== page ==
The Claimants brought this claim under the theory of fiduciary duty articulated in In re Caremark Int’l Inc. Derivative Litigation, declaring that officers and directors have not instituted an appropriate supervisory system for the pre-filled syringe program or have consciously ignored a series of warning signs of the resulting illegal activities. Defendant directors and officers have moved to reject the plaintiffs’ claims for (i) failure to submit a pre-process requirement and (ii) failure to state a claim on which relief could be granted. The Court disagreed and concluded that (a) the pre-lawsuit demand was dismissed because plaintiffs pleaded particular facts to support a reasonable inference that ABC officers and directors faced a substantial likelihood of liability under a Caremark theory of liability, thereby excusing the failure of the claimants to make a pre-process requirement, and (b) the claimants have declared a Caremark complain, making well-founded claims, that ABC officials and directors acted in bad faith by consciously disregarding the warning signs that arose during the term of the pre-filled syringe program.
Here, the Court found that the plaintiffs successfully claimed that the defendants ignored the warning signs that revealed a mission-critical failure to comply with drug health and safety regulations. In particular, of the possible red flags identified in the complaint, the Court agreed that there was sufficient evidence to reasonably infer that each report from the law firm, the Justice Department’s action and subpoena constituted red flags that were ignored by the defendants. The Court did not agree that the absence of a compliance component in the 2006 capital expenditure claim would be a sufficient warning. However, the Court noted that the request for capital expenditures and the law firm’s report would have been important factors in considering whether defendants faced a substantial likelihood of liability for failure to ensure that a company has implemented an adequate system of controls, under an alternative Caremark theory (a theory on which the Court has not ruled).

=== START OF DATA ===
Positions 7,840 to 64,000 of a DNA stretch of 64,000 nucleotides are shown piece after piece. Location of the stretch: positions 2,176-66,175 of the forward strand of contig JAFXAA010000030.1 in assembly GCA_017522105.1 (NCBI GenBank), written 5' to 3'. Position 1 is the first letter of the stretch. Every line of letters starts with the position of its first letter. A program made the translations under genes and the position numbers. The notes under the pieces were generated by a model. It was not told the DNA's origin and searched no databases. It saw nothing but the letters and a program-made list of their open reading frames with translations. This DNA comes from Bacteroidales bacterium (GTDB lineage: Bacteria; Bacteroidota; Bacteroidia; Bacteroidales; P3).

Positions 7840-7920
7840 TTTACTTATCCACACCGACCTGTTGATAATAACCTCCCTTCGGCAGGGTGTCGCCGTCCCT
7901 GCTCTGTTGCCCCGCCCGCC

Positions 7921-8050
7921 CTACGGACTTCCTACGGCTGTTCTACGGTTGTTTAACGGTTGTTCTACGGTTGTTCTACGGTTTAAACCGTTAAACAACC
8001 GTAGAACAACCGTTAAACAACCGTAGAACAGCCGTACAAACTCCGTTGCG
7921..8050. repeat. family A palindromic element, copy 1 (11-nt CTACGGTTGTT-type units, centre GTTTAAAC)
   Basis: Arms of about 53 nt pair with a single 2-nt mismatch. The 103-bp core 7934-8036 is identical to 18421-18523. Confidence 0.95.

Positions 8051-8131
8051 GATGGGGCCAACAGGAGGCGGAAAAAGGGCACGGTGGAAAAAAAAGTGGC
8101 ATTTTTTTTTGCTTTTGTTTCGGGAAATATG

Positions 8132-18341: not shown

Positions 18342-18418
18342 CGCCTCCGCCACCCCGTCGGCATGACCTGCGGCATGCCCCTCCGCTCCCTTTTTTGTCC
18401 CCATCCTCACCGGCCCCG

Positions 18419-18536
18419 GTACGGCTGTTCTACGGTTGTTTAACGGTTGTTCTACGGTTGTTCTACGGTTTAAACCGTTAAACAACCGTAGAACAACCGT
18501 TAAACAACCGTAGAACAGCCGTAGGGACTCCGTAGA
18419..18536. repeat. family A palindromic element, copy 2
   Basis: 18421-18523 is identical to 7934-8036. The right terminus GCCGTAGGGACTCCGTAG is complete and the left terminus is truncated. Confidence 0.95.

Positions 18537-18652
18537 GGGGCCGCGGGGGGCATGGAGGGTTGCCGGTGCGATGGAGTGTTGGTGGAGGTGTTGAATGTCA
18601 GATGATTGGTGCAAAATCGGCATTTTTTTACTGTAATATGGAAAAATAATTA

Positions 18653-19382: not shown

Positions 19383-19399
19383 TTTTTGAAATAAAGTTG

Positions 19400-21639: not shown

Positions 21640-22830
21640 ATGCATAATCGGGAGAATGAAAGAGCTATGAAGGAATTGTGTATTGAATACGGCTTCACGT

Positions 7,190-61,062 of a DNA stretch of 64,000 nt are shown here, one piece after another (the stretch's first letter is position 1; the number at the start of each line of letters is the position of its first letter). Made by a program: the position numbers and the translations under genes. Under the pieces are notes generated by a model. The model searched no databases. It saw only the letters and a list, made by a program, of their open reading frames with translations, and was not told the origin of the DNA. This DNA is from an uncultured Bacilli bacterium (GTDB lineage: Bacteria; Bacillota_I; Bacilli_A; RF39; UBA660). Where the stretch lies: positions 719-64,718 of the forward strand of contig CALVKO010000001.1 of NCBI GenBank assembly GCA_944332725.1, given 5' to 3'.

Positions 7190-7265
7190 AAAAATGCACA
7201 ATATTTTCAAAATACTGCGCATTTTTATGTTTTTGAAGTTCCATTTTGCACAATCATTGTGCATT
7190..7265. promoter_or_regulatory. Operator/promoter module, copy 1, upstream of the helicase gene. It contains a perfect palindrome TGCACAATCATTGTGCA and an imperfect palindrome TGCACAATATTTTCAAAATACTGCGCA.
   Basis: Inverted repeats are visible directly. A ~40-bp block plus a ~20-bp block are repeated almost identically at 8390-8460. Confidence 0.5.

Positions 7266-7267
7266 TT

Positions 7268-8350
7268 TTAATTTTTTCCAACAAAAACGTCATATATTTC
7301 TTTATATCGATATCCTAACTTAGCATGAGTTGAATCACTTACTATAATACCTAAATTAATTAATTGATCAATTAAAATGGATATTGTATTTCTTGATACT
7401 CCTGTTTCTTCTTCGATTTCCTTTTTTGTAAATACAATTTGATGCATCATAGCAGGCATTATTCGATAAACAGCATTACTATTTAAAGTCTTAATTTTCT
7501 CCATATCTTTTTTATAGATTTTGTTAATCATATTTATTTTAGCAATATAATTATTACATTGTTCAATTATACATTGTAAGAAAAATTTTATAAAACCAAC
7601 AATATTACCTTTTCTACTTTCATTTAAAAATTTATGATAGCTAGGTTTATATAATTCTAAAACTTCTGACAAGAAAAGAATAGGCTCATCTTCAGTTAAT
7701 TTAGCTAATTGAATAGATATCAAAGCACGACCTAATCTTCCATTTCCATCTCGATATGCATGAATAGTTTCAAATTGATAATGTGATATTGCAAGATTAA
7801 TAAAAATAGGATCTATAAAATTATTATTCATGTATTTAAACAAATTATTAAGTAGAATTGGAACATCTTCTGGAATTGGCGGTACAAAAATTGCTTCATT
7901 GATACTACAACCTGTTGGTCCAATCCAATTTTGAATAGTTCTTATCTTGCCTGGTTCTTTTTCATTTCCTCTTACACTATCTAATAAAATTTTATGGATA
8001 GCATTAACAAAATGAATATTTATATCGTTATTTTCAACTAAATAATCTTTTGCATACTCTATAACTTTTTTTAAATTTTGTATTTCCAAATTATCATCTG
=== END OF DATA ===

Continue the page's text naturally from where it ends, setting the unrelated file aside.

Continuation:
The Court noted that the supervisory obligations of officers and directors are reinforced with respect to mission-critical products while operating in a heavily regulated industry. In particular, the audit committee of ABC’s board was responsible for compliance with legal and regulatory requirements, including obtaining management reports regarding such compliance. However, even after being warned of possible concerns about the red flags cited in the complaint, neither ABC’s board nor its audit committee ever received information on compliance by the Pharmacy or its pre-filled syringe program. The Court emphasized the importance of the supervisory function of executives and directors when a company is operating in the midst of a “mission critical” regulatory compliance risk, suggesting that oversight of such impacting business risks may be subject to further scrutiny. supervision of less critical business risks.